In his Beelzebub's Tales, Gurdjieff discusses at length the possible ways one can research the fundamental laws of the universe and of the human being. He emphasizes just how far certain kinds of music, the science of "the laws of vibration," can help. And he widely employs musical metaphors to explain the action of these cosmic laws on every scale. He stresses that the real aim of research is the attainment of another level of being.
In his writings Gurdjieff praises the benefits of certain kinds of chanting, which he says bring to life a state of "echo" and "centralization" in one's being. He describes a "sacred, cosmic law of the universe,” given by the sounds "AIEIOIUOA": "There proceeds within every arising, large and small, when in direct touch with the emanations either of the Sun Absolute itself or of any other sun, what is called Remorse, that is, a process when every part that has arisen from the results of any one Holy Source of the Sacred Triamazikamno [Law of Three], as it were, revolts, and criticizes the former unbecoming perceptions and the manifestations at the moment of another part of its whole."
The art of chanting, when it is correctly transmitted, seems particularly suited to helping an inner listening, an inner attention, a state of greater presence to oneself, to appear.
Until I can listen better, there is no hope that I can hear a teaching. So many enlightened beings, so many sacred texts! But until I can hear what is being said, and can hear it working within, it is as Gurdjieff said--"like hearing a bell without knowing where the sound came from."
Our listening is often so conditioned, so filled up with thoughts and tensions, that it is as though we were deaf. The vibrations from subtler levels of our being, which Gurdjieff says are calling to us from within, go mostly unheard. However, these harmonics of the fundamental notes of our lives are necessary--they give quite another meaning to the deep tunings and mistunings which come and go, day after day, in ourselves and with others...to our coming and going itself.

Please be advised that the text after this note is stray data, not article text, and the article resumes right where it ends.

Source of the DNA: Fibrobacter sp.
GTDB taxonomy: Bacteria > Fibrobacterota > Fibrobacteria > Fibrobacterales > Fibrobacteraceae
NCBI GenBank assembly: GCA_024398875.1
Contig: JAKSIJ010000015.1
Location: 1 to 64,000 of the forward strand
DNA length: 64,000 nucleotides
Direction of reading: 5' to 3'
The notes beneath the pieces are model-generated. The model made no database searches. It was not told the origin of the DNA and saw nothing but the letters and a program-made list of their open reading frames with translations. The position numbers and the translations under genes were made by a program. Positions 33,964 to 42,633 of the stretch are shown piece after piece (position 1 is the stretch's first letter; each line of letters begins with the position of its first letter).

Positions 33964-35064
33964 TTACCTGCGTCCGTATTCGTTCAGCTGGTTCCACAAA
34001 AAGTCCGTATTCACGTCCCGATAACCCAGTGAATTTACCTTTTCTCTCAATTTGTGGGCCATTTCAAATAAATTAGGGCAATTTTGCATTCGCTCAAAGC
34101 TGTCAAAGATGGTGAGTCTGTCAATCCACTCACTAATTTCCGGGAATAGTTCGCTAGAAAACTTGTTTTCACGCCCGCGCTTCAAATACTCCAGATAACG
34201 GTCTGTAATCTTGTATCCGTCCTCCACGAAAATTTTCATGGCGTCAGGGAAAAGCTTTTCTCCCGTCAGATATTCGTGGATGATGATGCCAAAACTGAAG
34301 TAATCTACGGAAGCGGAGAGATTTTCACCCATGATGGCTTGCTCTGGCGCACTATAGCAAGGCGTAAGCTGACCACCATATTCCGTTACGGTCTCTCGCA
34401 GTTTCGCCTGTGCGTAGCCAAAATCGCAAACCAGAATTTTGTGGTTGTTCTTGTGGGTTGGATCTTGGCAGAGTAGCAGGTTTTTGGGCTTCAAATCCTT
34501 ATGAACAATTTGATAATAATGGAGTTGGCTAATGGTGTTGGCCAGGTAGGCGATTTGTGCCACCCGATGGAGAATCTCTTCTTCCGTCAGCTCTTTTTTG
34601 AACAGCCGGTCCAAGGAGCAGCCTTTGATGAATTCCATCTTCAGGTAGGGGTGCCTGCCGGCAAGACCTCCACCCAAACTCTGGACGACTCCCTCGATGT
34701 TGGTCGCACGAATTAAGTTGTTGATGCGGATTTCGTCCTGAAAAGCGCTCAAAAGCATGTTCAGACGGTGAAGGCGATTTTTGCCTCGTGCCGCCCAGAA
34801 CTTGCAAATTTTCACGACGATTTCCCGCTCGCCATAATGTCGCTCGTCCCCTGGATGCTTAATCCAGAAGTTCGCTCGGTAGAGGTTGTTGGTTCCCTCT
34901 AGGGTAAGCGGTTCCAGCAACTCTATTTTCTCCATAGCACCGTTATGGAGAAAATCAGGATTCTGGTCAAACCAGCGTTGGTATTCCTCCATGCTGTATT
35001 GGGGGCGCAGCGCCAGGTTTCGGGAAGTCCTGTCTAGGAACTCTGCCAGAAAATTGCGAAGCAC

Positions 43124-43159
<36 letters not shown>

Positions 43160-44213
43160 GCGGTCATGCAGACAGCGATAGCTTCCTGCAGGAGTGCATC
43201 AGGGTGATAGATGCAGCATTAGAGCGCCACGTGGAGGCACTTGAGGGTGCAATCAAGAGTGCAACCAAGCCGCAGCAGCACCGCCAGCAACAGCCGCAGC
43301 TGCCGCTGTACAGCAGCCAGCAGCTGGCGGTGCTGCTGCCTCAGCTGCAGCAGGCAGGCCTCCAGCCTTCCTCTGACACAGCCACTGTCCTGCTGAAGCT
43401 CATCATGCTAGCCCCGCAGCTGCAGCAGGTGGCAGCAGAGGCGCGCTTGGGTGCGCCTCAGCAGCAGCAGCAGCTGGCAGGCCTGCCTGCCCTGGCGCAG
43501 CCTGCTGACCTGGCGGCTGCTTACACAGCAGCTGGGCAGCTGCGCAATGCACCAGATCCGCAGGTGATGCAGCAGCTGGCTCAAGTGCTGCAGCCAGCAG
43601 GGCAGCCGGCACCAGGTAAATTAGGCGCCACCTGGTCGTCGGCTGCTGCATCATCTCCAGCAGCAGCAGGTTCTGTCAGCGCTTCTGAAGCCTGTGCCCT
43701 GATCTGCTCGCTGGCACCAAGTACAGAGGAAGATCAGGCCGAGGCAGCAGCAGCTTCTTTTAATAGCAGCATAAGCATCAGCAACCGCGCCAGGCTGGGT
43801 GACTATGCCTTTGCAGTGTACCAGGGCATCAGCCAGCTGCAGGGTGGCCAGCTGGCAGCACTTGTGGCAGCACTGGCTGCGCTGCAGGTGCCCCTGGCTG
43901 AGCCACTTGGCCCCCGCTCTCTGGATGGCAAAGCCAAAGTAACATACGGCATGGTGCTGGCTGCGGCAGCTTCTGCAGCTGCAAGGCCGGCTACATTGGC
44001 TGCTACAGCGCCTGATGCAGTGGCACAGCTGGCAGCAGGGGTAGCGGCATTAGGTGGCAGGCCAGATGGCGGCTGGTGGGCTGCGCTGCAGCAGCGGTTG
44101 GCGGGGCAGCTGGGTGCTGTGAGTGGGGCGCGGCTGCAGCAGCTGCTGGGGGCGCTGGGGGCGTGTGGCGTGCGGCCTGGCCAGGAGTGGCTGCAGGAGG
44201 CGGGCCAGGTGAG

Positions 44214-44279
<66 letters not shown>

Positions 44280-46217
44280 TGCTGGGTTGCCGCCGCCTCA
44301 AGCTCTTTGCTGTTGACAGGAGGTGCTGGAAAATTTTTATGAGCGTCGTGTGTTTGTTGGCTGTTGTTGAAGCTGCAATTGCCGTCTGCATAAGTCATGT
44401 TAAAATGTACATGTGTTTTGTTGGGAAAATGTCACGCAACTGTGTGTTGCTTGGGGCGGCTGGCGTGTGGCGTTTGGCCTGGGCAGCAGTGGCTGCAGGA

What is harmony? What is listening? What do I need to hear? What should I listen to? Which direction is the right one? Will a listening help me steer? Will I echo when I'm dead? Listening is always in the present, and being one of our most vital energies, like breath it is replenished from the same source as the life force itself, with which it is intimately related.
An inspiring teaching is presented in Gurdjieff's written works regarding this universe, life, and our role, fate and place as human beings here on Earth. The basic language of this teaching, from top to bottom and from start to finish, is that of harmony, music, and vibration. And this on every scale, from the most vast cosmic processes, to their most silent and secret echo in the inner life of Man. Gurdjieff's vision of the cosmos, and of man, was that of a resounding scale or symphony of vibrations, which along an Axis Mundi, like a musical string, manifests every sort of transformation of the basic energy, from finer to coarser and coarser to finer. The finest, most harmonic and most complete primordial energy, the original Sound or Word of the universe, God saying BE!, in radiating outward in what Gurdjieff calls the "Ray of Creation," through a series of "descending" octaves, brings galaxies, stars, planets, and beings to life. In his view, this same primordial energy passing through everything finally rejoins its source, mounting through "ascending octaves" through finer and finer states of vibration.
In relation to the cosmos as a living, infinite system of circling, circulating and cyclic harmony, Gurdjieff saw the human being as both a small unfortunate dissonance, as regards his ego, his "little I," and as a microcosm of cosmic Being, which he called "real I." In helping us understand --that is, harmonize-- these two poles of our being, so tragically separated and fragmented, Gurdjieff brought to life a teaching with a very complete vibration, or as he said, a "wholly-manifested intonation," with many, many harmonics. That is, many levels.
When a new listening appears, everything changes...
1 David Bohm, Wholeness and the Implicate Order, Routledge & Kegan Paul, London:
2 Herbert Whone, The Hidden Face of Music, Garden City Publishing
3 With the sole exception of the notes of tuning systems, like our own, based on the (irrational) square root of 2.